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Fans demand players take a wage cut

  • Virgin Money's Football Fans' Inflation Index shows year-on-year increase in matchday costs

Football fans believe players should lead by example and take a wage cut given the current economic climate, according to a new poll by Virgin Money.

The firm's authoritative Football Fans' Inflation Index, which has tracked the cost of being a fan since January 2006, reveals that two in every five regular matchday fans (40%) support a wage cut for their club's players.

The Virgin Money Football Fans' Inflation Index shows that the effects of the recession are being felt keenly as the cost of a match day for an individual has risen to £89.53 – a five per cent year-on-year increase on last year.**

And regular match-going fans reckon footballers should not be immune to the economic downturn. While 41 per cent of the 4,000 fans polled were not in favour of players taking a wage cut now, they would support a league-wide wage cap for all footballers. The biggest advocates of wage caps are 30-34 year olds and season ticket holders.

Only 20 per cent of those surveyed by Virgin Money said footballers should be free to earn as much as they can.

An average Premier League footballer earns as much as £1.1m a year or £21,000 a week. The top players reportedly take home as much as £130,000 per week – the equivalent of £18,500 a day. ***

Virgin Money’s Football Fans' Price Index is aimed at helping supporters keep track of the rises and falls in the costs of supporting their team. The company identified the match day essentials fans buy and keeps tabs on increases and decreases on everything from match tickets and petrol to bacon sandwiches, alcohol and train tickets.

The most recent results, revealed exclusively by Guardian Sport, shows that the cost of attending games has risen by 14 per cent since the beginning of 2006. At the launch of the index in January 2006, the match day basket of goods** cost £77.95 compared with £89.53 now. The basket of goods reached its peak in October last year, when it was as high as £106.21.

Grant Bather of Virgin Money said: "Players have done extremely well out of the boom in football and that is only right and proper as obviously there’s no game without the players and they only have a short career.

"However the cost of being a football fan is rising. As supporters struggle to make ends meet the earnings of the players they watch every week become harder to bear. Fans genuinely feel they pay the wages of their club's footballers so it’s no surprise to us that they are calling for wage cuts.

"Football used to be an everyman's game but unless Premiership clubs wake up to the realities of the new economic climate, they should be prepared for a significant drop in interest as fans vote with their feet."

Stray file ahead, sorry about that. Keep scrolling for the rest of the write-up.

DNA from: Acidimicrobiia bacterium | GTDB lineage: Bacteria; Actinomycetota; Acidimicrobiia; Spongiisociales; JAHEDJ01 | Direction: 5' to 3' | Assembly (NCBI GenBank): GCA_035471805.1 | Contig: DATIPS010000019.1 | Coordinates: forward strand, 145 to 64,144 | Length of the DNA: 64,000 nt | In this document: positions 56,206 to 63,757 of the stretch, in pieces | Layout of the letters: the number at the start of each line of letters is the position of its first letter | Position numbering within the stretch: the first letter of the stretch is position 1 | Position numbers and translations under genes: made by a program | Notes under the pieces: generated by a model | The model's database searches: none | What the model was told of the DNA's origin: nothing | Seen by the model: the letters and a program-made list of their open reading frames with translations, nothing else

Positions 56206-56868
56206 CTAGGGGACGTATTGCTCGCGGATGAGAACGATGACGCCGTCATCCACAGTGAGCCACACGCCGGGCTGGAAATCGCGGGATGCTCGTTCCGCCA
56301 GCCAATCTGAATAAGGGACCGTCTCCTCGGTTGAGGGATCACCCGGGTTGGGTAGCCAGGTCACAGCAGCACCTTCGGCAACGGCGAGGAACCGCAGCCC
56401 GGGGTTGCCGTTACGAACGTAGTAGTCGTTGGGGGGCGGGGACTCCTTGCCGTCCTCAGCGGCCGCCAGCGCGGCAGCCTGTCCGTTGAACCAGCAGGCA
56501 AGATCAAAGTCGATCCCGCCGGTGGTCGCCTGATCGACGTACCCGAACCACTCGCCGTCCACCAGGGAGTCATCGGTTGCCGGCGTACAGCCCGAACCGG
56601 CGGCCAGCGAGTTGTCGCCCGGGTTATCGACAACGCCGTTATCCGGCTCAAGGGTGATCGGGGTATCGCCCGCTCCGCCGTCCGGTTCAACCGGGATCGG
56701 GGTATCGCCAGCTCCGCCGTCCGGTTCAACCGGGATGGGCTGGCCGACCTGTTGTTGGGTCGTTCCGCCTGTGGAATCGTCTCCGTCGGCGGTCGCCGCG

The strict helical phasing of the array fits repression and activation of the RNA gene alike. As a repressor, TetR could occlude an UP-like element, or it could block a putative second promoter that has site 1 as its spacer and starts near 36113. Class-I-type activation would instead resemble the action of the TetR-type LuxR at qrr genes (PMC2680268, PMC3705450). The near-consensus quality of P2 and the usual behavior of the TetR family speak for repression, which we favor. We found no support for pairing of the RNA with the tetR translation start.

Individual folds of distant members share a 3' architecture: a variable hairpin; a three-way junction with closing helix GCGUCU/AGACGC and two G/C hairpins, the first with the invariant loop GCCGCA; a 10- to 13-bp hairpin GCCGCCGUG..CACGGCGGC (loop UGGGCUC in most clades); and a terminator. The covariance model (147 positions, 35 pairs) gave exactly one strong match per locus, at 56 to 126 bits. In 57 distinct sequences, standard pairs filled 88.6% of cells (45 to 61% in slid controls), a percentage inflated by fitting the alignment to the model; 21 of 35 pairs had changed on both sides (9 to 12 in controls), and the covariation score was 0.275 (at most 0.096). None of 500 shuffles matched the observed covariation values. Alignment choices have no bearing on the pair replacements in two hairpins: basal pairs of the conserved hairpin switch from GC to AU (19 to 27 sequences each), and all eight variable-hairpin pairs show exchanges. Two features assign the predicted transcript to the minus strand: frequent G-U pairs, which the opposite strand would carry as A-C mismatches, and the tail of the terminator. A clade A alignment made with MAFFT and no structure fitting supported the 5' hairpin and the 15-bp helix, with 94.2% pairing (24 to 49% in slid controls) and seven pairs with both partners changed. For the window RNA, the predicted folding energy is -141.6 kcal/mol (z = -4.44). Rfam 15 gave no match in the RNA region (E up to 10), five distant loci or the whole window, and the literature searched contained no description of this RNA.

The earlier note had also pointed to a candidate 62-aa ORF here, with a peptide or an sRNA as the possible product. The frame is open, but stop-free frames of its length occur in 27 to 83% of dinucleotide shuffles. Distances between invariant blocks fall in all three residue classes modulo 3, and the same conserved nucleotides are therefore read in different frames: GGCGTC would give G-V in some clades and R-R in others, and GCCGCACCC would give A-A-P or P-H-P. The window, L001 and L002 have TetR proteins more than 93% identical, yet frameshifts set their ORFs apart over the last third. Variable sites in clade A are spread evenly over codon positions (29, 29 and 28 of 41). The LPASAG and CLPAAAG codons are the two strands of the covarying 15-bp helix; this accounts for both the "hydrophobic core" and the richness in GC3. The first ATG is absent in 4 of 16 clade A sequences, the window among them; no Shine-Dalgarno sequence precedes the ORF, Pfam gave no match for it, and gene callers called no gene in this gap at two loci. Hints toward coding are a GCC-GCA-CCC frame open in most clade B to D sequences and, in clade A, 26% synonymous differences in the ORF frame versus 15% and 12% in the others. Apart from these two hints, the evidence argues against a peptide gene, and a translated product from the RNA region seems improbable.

Malcolm Clarke, Chairman of the Football Supporters Federation, commented: "Like any other industry, football has to learn to live within its means and look after its customers, many of whom are suffering as a result of the recession. If this means more ticket price reductions and a bit less for the top players, so be it. The Premier League has secured a very good deal for its next TV contract, but many of its match-going fans, without whom there would be no TV product, have not been so lucky in beating the recession, and they need a break.

"We welcome the moves by the Football Conference and the Football League in League 2, to place an overall cap on the amount a club can spend on wages as a percentage of its turnover. This is the way forward and we would like to see this introduced in the higher leagues, to ensure financial responsibility.

"You can't blame the players for taking what they are offered - but those managing the industry have got to behave more responsibly with the top players’ wages. Many supporters felt that the wages supposedly being offered to Kaka by Manchester City, for example, were almost obscene in the current economic climate."

- Ends -

Notes to Editors

* Football Fans' Census interviewed a representative sample of 4,021 football fans between 26th and 27th March 2009.

** The basket of goods includes a gallon of petrol, a pint of lager, a bacon roll, a train fare, a match ticket, a replica shirt, pay-per-view cost and a match programme.

*** Annual review of football finance by Deloitte in May 2007.

For further information:

Grant Bather, Public Relations Manager, Virgin Money
0207 111 1012

Kevan Reilly/Billy Partridge, Citigate Dewe Rogerson
0207 638 9571

Football Supporters' Federation
Malcolm Clarke 07939 594379
Steven Powell 07881 950613

About Virgin Money

Virgin Money is Virgin’s financial services arm and was established in 1995.

Virgin Money has over two million customers and offers a wide range of financial products across lending (e.g. credit cards and personal loans), savings (e.g. deposits, investments and pensions) and protection (e.g. life insurance, home insurance and car insurance) to the UK market.

Virgin Money Personal Financial Service Ltd is authorised and regulated by the Financial Services Authority (FSA). Registered Office: Discovery House, Whiting Road, Norwich NR4 6EJ. Registered in England no. 3072766. Entered on the Financial Services Register (www.fsa.gov.uk/register), Register Number: 179271

About The Football Fans' Census:

The Football Fans Census is Europe’s leading football research expert. With over 100,000 members The FFC provides a communication channel between the supporter and the football industry.

About the Football Supporters' Federation

The FSF represents over 142,000 members supporting clubs and national teams at all levels throughout England & Wales.

www.fsf.org.uk